Krista (BA, MFA, E-RYT) has dedicated herself to the practice, study and teaching of yoga since discovering it in 1999 after dancing rigorously as a dance major in college. Krista has had nearly 30 articles on Yoga, Wellness, and Spirituality published in nationally regulated magazines. She has taught Yoga in Prague every July since 2009 and has been sought to teach in Canada, Virginia, Kentucky, and Florida, and more recently, Kuwait (though she declined the generous offer to teach in Kuwait). She calls Kalamazoo, MI home, where she teaches Yoga, Shamanic Yoga, Meditation, and offers Spiritual guidance. This year Krista will be training in the Prison Yoga Project, and will help to bring more yoga to Prisons. www.Kristayogagirl.com

1,219 views

Appreciate this article? Support indie media!

(We use super-secure PayPal - but don't worry - you don't need an account with PayPal.)

8 Responses to “Peace to Prison.”

  1. Krista Katrovas Krista says:

    Clarification: My friend's brother sentenced to death is in San Quentin ""condemned row." He served in Pelican Bay before joining Scott Peterson on death row in SQ.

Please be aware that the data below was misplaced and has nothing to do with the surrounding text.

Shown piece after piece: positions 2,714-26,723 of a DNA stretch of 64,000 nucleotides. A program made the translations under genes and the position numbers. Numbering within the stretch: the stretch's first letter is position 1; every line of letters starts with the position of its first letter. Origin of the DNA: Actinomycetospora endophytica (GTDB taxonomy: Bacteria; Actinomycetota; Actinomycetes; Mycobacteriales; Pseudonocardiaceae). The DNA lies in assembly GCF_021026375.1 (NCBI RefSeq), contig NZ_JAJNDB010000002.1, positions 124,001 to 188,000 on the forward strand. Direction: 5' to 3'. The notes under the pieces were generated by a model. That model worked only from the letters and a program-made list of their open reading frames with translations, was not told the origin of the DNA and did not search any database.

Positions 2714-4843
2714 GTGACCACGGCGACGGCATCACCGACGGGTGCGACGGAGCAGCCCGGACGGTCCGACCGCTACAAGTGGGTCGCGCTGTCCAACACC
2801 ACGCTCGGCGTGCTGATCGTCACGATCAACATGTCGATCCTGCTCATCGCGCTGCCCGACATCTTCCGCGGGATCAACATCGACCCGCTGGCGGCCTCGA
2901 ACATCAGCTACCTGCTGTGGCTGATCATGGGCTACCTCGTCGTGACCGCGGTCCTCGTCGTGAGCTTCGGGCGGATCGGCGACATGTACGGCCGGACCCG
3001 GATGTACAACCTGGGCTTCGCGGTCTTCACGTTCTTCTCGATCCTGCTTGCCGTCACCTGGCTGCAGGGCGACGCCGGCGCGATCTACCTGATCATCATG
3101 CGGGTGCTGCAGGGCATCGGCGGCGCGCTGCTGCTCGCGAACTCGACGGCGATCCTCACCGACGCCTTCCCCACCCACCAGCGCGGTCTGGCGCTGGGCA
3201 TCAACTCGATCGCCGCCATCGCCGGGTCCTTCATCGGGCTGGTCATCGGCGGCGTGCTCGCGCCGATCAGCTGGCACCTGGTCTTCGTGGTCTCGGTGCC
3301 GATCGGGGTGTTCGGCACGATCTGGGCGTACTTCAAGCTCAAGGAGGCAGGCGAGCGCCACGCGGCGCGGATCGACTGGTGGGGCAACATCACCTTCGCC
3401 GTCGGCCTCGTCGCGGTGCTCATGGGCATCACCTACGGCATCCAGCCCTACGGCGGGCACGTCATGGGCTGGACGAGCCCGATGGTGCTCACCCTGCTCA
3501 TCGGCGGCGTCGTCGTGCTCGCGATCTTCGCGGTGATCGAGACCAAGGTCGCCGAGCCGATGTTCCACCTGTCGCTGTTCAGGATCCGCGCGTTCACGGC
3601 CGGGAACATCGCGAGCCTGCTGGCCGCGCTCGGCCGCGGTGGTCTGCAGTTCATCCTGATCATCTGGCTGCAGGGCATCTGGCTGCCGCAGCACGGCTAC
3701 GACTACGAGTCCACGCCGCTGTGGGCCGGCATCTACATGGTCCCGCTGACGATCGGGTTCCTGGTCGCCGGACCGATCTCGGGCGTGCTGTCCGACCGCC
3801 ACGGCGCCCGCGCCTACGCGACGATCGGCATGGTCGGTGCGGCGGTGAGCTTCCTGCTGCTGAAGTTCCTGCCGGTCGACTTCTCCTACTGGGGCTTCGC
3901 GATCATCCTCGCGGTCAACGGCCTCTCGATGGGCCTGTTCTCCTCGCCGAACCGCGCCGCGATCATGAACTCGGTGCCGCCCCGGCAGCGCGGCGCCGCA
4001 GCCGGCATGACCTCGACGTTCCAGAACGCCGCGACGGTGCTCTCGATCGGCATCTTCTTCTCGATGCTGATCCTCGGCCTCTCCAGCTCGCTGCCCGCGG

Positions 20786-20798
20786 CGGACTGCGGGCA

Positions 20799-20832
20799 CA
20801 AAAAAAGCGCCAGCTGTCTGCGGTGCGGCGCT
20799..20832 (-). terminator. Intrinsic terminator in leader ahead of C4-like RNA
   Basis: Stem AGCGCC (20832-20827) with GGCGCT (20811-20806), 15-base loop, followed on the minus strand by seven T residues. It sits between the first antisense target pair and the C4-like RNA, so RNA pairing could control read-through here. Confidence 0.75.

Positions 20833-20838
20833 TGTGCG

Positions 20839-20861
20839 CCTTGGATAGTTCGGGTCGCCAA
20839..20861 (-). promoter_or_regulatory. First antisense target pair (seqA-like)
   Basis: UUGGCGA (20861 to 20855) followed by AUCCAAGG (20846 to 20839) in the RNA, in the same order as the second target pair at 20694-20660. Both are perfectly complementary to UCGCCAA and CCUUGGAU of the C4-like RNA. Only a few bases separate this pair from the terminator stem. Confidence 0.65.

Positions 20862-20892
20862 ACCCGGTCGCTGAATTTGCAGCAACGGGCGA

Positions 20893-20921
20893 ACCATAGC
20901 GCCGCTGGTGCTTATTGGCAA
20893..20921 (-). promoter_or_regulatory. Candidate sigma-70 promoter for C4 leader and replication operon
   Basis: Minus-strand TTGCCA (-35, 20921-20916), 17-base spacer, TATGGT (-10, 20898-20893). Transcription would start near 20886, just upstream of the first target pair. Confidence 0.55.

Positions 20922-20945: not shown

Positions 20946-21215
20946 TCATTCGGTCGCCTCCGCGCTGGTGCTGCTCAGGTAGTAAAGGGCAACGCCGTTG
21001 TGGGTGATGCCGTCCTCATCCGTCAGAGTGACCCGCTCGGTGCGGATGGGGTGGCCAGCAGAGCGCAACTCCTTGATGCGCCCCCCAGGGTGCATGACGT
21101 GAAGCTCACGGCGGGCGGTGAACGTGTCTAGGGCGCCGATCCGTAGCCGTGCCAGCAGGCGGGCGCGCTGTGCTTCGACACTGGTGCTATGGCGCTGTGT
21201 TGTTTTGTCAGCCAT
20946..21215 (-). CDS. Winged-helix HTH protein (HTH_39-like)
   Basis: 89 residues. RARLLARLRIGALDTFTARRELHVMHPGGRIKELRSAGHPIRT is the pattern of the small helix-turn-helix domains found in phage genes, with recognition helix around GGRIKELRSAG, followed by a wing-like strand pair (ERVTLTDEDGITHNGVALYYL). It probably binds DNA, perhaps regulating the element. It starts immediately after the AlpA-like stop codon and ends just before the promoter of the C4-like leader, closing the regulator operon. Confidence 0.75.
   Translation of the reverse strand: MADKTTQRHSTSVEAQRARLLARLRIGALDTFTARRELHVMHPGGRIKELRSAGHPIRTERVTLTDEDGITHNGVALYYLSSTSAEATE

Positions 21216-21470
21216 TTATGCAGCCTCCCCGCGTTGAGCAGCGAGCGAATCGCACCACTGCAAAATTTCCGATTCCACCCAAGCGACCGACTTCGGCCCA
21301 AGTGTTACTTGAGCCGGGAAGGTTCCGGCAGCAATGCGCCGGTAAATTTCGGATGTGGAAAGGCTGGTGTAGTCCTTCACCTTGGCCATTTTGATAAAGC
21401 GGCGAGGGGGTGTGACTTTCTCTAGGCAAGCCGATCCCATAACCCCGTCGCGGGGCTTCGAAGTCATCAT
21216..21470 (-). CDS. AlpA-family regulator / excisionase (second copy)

Blessed Be. Krista

  2. Krista Katrovas krista says:

    Clarification: My friend's brother sentenced to death is in San Quentin ""condemned row." He served in Pelican Bay before joining Scott Peterson on death row in SQ.

  3. Wow. Powerful story! Glad you found yoga and hurray to you for opening up to all of us about it. I skipped yoga tonight :(

    • Krista Katrovas krista says:

      Your post made me smile. Thank you, Lynn. I appreciate your post and reading. Sometimes we need to skip yoga. That is also part of the practice, honoring our needs. A very wise Swami told me, everything is yoga, if we bring the same awareness to our breath as when we are practicing yoga, while doing these "other things," other than yoga, we are doing our yoga. So enjoy your night off, with awareness. :) Shine and Bless on, in, and, out.

  4. Carolyn Riker Carolyn Riker says:

    This is incredible. Thank you for sharing a powerful story. A real story. It gives me so much hope and encouragement.

  5. Janey Maeser says:

    Krista,

    I am so proud of you and your courage to share these ‘dark days’ that I remember your sharing with me long ago. Yes, my sweet Krista, ‘you’ve come a long way, baby’; this just seems to fit with you

    Keep up the good work and the sharing of your love of the art of teaching and practicing Yoga. Love you so much, M..OM

    • Krista Katrovas krista says:

      Ah, M…OM, Shucks, Thanks, You are my greatest teacher and heroine. So proud of you, too! Love you so much! Love you, Mama. Soooooo much! xoxo, Krista-bird

Leave a Reply